5 common mistakes we see brands make
posted on 9th Aug 2018
1. Investing in a logo, but forgetting to invest in the brand
By definition, a logo is a graphic or a mark that identifies a company or organization. But a brand is what conveys differentiation, recognition and loyalty. What we see so often is brands spend a big portion of their budgets on creating a logo but forget what propels their business into the hearts and minds of their consumers – their brand. For example, Nike is more than the swoosh of an arrow. It is a lifestyle, a way of being and doing in fitness and athletics. Consumers don’t buy Nike runners for the swoosh on the side of their shoe, but for what the brand represents. The goal is to build a brand that people can identify with as well as differentiate from the competition.
2. Being inauthentic
Consumers can spot inauthenticity from a mile away. Yet, we still see brands jumping on bandwagons without staying true to their brand essence. This inauthenticity can negatively influence consumer perception. The challenge for brands is to connect with customers through the latest means or trends while continuing to align themselves with their brand foundation. A few years ago, we saw Pampers change their brand’s tone of voice in an ad for their Cruisers line of nappies to what they thought was “hip”, but really it made us cringe. Stay in your lane and know your customer’s expectations.
3. Becoming complacent
Once upon a time, Nokia was the biggest and greatest mobile phone maker in the world. But now only capturing 1% of the market share of mobile phones, you can only attribute their demise to one thing – complacency. It’s no secret that Nokia is known as a hardware company and not a software company. But in the end, they profoundly underestimated the importance of software, the transition to smartphones and what the consumer wanted with their mobile phone experience (i.e. apps). Apple and Android succeeded where Nokia fell short – and the rest is history.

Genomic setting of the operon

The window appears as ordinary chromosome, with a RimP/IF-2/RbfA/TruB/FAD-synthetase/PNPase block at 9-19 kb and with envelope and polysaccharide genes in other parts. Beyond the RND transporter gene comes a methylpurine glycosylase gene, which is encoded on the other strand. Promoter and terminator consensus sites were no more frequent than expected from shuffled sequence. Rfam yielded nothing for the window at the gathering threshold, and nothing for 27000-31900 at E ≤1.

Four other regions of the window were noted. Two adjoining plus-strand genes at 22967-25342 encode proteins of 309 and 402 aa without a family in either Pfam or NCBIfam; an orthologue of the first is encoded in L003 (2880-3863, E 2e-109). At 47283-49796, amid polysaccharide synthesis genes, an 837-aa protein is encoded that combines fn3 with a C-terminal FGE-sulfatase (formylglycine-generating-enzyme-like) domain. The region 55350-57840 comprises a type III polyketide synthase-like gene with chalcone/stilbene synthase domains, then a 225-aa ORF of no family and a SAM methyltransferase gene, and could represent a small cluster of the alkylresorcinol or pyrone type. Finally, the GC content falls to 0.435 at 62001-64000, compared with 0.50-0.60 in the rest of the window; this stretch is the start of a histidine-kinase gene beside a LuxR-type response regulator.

4. Not implementing brand guidelines
Brand guidelines should be considered as the Bible of brand usage and design. It acts as the key document that helps create cohesive and consistent on-brand content. By not implementing these guidelines, the brand’s message can change at any point creating inconsistency. This makes your brand appear unprofessional and unreliable, decreasing the brand’s perceived value.
Check out Nike Pro Services’ identity guidelines here.
5. Breaking brand promises
Trust is not given, it is earned. A brand promise represents everything a brand stands for – what separates them from competitors and why consumers should consider them. Brands are already facing an uphill battle. According to a report made by Gallup, only half of customers believe that the companies they do business with always deliver on what they promise. So it’s important to be diligent with the type of promises made. By breaking brand promises, you’re setting the stage for a long and maybe even impossible come back.
The Volkswagen emissions scandal is a notorious example of shattering the consumer’s trust. And with $25 billion in fines and a few prison sentences in the US, it’s safe to say any brand promises made by VW will be taken with a grain of salt.
Katelynn Spaid, Social Media Coordinator
Katelynn Spaid moved to Dublin from Austin, Texas in March 2017 to work as the Social Media Coordinator for Neworld. She received her degree from Texas Tech University in Public Relations and has extensive experience in social media management, content marketing and sales. At Neworld, she has developed an appreciation for branding and its relationship with design effectiveness. She admires the creativity and enthusiasm of her colleagues and is happy to be a part of the show by promoting and celebrating their work.